www.uea.ac.uk/providingasecurebase/home

Professor Gillian Schofield identifies five dimensions of caregiving, each of which is deemed to have related developmental benefit:

Features at the Core of this Model and how this works therapeutically in practice at Ferndearle are further outlined below:

Therapeutic interpersonal relationships 

At the core of the Secure Base Model is therefore a concentration on the carer/child relationships and specifically on the day to day interactions between each carer and the child.  This model understands that these carer/child interactions represent powerful agents of change as they portray specific alternative messages and experiences for the child which over time has an impressive influence in shifting their negative previously held narratives.  This approach positively affects their internal beliefs and feelings about themselves as well as their perception of the world and interactions with others.  As a result, there is a fundamental positive change in development and behaviour.  In particular, young people will develop secure attachment styles of interacting and mature into and through their developmental stages. This provides the opportunity of developing the capacity for their social, emotional and cognitive ages to connect more beneficially with their chronological age.


Therapeutic Parenting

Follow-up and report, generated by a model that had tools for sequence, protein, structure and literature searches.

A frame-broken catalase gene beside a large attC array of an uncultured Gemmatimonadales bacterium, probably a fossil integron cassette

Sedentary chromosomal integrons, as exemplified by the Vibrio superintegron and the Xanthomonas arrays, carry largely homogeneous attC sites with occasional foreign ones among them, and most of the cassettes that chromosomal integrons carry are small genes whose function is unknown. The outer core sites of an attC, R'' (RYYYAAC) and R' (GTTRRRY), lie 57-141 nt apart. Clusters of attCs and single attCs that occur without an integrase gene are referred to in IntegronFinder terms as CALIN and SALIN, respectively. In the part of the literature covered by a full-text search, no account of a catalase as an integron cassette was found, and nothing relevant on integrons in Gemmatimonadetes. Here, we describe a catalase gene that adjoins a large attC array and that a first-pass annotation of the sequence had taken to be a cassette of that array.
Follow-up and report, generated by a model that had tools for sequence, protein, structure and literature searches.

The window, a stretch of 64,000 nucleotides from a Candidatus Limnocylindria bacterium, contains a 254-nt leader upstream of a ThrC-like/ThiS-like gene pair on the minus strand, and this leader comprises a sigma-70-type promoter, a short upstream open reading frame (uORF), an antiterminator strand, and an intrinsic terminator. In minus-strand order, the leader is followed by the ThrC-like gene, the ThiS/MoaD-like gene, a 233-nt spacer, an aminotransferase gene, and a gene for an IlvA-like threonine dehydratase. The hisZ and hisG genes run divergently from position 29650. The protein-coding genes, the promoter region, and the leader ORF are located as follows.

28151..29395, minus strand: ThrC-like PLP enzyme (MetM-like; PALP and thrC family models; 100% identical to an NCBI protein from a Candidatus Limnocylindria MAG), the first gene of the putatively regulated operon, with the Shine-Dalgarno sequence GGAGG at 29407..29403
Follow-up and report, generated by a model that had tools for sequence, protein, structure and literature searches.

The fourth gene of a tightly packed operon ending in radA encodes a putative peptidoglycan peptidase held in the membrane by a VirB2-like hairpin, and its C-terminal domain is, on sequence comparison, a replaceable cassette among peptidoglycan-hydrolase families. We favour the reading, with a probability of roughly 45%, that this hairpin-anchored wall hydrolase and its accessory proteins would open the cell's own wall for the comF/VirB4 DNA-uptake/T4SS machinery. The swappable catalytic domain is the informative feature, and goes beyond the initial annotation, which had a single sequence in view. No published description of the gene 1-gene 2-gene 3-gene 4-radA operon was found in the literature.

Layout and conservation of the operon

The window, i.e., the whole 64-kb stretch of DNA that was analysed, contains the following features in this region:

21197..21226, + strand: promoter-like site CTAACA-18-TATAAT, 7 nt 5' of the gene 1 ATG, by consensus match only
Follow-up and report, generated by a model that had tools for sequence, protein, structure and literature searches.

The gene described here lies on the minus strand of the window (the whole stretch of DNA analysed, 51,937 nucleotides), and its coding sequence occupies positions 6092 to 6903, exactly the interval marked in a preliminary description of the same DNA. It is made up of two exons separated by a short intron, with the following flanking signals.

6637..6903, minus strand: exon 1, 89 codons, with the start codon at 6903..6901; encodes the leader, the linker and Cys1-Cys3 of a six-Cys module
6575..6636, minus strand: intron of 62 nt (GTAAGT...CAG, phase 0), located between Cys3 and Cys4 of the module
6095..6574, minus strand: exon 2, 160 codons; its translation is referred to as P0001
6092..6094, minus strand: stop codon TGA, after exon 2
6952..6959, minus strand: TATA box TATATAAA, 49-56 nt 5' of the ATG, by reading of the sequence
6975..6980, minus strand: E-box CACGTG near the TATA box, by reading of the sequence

Equally at the core of this model is a recognition that the day to day parenting interactions must be at the level of the needs of the traumatised child and hence, requires trained therapeutic care staff (a vital component at Ferndearle) equipped to deliver care during their day to day interactions which is in tune with the damaged internal world therein.  This training provides staff with comprehension to respond to a child far more appropriately as they will understand the meaning behind all modes of communication.  As a result of this they will respond differently than may be expected in a non-therapeutic context.  This training allows staff to understand the child’s behavioural communications, verbal and non-verbal; to recognise behavioural symptoms of trauma or attachment disorders displayed through any communication on an every-day basis. They are looked after with unconditional warmth and care, something many will not have experienced before. Working in the context of a framework of an assessment of previously unmet need and with this awareness of striving to interact with a child at their developmental (not chronological) stage, enables staff to respond in the moment to the child in an insightful manner, over and over again. This can occur in many different contexts, or in similar or repeating situations depending on the child’s display of needs.  These repetitive, consistent, insightful re-parenting interactions serve as the key therapeutic interventions that bring about emotional and behavioural change and maturation.  Follow the link to obtain insight into Ferndearle’s Therapeutic Training for Staff